Chandrayaan 2: A National Aeronautics and Space Administration (NASA) probe will fly over the landing site of lander Vikram on the Moon on Tuesday, September 17. As it flies over the landing site, new information on Vikram lander is expected to emerge. Meanwhile Indian Space Research Organisation (ISRO) has been trying to establish contact with the lander since all communications snapped moments before the scheduled landing on September 7.
NASA's Lunar Reconnaissance Orbiter (LRO) is also likely to release images of the lander Vikram, as mentioned in reports by US media. Noah Petro, LRO's project scientist told spaceflightnow that NASA will share images to help ISRO's analysis of the Chandrayaan 2 mission. "NASA will share any before and after flyover imagery of the area around the targeted Chandrayaan-2 Vikram lander landing site to support analysis by the Indian Space Research Organisation," said Petro.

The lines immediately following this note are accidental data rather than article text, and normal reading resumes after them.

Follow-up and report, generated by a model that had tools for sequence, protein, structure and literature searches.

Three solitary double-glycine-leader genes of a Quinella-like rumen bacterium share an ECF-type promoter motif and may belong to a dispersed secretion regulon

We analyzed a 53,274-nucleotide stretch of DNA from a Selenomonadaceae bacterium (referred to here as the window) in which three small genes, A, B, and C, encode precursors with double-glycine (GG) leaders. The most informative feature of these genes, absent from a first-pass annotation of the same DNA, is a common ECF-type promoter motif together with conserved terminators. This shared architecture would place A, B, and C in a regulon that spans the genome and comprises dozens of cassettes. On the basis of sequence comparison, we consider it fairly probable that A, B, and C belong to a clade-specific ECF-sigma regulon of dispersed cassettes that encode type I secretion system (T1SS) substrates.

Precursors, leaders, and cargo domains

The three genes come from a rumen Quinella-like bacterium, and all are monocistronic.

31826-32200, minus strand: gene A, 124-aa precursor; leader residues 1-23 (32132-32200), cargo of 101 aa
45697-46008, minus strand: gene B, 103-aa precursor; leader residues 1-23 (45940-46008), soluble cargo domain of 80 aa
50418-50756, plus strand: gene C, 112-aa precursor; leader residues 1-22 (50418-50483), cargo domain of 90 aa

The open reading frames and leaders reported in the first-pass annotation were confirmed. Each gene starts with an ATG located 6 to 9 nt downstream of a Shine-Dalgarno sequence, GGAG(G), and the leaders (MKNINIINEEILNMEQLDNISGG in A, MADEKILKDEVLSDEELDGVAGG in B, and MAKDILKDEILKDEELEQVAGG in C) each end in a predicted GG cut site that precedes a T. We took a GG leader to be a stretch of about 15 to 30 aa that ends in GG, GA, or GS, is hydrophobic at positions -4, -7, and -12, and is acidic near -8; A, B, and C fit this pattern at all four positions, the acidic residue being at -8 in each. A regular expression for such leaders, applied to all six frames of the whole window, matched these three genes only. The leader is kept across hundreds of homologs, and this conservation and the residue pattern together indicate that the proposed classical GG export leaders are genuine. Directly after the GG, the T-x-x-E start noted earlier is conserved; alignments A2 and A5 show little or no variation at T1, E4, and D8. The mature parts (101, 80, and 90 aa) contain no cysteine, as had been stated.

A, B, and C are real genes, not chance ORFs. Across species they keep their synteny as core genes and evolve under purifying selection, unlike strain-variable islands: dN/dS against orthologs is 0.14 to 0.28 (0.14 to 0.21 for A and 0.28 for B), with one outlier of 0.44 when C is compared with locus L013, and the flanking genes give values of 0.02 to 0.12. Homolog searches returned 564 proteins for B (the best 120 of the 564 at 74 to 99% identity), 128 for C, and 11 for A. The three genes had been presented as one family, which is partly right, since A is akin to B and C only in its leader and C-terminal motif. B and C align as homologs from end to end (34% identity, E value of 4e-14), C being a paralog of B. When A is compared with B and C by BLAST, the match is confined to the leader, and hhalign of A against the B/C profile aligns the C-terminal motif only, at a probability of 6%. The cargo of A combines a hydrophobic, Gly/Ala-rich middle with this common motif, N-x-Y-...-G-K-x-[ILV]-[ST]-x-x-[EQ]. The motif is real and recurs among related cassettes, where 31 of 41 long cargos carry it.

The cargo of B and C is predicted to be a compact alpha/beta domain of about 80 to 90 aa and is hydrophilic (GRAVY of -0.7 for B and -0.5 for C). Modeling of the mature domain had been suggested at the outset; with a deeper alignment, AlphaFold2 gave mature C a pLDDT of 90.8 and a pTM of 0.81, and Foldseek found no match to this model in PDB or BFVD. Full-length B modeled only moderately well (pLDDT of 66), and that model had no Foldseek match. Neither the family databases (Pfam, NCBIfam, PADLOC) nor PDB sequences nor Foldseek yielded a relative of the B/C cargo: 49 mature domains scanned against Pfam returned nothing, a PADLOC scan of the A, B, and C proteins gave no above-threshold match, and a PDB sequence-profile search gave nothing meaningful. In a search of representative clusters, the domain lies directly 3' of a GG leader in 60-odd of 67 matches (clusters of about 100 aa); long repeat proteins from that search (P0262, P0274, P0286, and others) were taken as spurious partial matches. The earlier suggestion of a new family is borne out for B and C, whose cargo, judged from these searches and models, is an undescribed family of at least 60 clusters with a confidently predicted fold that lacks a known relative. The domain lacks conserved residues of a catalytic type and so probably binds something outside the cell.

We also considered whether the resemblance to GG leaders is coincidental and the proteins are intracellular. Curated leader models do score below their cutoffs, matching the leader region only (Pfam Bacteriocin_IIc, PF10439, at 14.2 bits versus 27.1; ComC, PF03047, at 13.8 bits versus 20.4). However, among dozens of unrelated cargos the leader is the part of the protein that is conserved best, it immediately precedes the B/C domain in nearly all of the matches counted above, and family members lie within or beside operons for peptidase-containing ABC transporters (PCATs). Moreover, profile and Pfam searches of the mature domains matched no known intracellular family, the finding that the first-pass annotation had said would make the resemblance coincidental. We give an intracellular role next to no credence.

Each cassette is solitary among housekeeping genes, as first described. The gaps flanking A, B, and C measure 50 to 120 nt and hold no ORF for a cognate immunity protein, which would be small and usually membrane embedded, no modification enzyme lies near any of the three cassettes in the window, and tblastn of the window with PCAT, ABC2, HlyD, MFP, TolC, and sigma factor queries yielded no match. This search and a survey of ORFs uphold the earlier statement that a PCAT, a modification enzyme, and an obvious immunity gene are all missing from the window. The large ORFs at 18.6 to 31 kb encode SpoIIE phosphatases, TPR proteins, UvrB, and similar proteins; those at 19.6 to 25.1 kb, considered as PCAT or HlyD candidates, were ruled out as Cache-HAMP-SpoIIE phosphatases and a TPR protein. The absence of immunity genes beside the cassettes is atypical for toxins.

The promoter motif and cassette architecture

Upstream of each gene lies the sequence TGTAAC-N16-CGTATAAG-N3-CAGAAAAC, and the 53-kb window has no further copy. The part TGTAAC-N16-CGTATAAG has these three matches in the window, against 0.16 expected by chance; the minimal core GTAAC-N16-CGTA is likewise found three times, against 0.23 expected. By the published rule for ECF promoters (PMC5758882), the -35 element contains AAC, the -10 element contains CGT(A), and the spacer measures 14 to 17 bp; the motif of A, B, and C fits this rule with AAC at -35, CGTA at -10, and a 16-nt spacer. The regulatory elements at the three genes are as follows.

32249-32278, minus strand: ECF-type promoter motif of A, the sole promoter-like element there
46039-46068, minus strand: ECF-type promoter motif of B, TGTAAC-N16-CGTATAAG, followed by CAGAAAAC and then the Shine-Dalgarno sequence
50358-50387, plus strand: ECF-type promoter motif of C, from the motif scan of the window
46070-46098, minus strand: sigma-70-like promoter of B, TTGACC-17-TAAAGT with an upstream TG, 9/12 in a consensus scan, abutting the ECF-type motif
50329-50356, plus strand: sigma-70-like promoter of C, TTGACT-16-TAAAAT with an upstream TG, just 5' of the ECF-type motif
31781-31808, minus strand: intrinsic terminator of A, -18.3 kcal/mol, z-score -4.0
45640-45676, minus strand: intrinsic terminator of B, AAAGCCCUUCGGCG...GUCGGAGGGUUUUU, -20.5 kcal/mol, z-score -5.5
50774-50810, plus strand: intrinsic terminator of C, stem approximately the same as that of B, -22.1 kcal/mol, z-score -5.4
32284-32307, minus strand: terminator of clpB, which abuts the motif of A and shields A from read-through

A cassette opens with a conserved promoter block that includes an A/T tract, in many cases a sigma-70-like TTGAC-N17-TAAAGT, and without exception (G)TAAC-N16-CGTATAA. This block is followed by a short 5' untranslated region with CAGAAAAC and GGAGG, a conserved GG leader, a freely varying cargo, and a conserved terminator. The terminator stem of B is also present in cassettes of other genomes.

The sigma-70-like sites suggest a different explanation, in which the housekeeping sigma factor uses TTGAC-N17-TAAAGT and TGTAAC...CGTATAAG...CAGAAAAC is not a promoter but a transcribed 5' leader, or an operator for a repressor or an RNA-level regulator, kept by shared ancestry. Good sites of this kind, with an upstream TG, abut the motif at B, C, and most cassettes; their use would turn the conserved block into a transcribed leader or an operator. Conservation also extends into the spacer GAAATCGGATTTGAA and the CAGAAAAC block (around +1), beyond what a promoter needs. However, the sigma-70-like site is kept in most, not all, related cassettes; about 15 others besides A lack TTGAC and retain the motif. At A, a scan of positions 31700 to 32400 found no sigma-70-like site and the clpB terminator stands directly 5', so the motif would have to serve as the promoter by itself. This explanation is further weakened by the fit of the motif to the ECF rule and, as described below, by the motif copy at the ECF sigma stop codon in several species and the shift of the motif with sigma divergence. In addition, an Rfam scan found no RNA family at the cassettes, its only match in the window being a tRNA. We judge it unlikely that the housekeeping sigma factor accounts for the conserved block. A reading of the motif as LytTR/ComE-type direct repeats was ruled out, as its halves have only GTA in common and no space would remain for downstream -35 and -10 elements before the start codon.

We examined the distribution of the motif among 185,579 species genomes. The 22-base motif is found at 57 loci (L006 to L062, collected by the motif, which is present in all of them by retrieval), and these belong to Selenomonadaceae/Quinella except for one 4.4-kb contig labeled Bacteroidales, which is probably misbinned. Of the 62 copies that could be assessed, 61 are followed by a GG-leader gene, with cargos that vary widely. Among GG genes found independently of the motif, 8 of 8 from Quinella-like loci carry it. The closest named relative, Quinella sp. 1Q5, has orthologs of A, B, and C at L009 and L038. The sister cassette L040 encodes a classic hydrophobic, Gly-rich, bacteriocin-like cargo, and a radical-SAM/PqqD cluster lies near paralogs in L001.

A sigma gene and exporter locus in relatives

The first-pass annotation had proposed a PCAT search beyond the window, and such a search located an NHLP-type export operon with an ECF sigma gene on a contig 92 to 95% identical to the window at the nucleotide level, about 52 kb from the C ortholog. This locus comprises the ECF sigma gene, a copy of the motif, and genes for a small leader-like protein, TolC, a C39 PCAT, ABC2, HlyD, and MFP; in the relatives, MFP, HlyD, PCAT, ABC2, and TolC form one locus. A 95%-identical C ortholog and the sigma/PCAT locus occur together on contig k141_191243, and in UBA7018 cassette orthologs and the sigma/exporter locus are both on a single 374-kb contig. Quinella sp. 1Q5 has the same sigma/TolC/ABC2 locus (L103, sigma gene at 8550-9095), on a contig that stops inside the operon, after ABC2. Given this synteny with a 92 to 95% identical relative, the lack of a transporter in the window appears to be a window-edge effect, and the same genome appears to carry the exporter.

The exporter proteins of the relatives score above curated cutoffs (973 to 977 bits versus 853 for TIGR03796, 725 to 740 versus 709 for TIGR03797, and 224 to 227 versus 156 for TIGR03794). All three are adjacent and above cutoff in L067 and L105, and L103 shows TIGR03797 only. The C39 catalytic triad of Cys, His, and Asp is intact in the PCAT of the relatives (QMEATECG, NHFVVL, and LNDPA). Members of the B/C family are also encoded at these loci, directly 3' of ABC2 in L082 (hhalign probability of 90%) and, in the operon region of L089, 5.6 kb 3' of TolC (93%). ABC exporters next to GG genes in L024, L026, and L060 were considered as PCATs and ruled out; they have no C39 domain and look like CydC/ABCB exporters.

Earlier, NASA had also tried establishing contact with lander Vikram lying on the lunar surface. The agency's Jet Propulsion laboratory had beamed a radio frequency to the lander to elicit a response after the crucial part of Chandrayaan 2 didn't go as planned. "NASA/JPL is trying to contact Vikram through its deep space network (DSN) as contractually agreed with ISRO," a source had said.
As of now, it appears to be a race against time as the period of 14 days to establish contact with Vikram lander swiftly closes. The 14-day window started on September 7. The period is the only time the region will be exposed to the Sun's rays, enabling the lander, fitted with solar panels, to operate. Beyond that period, it will be too cold for lander Vikram to operate.
NASA's DSN lends a helping hand to both NASA and non-NASA missions that seek to explore the solar system.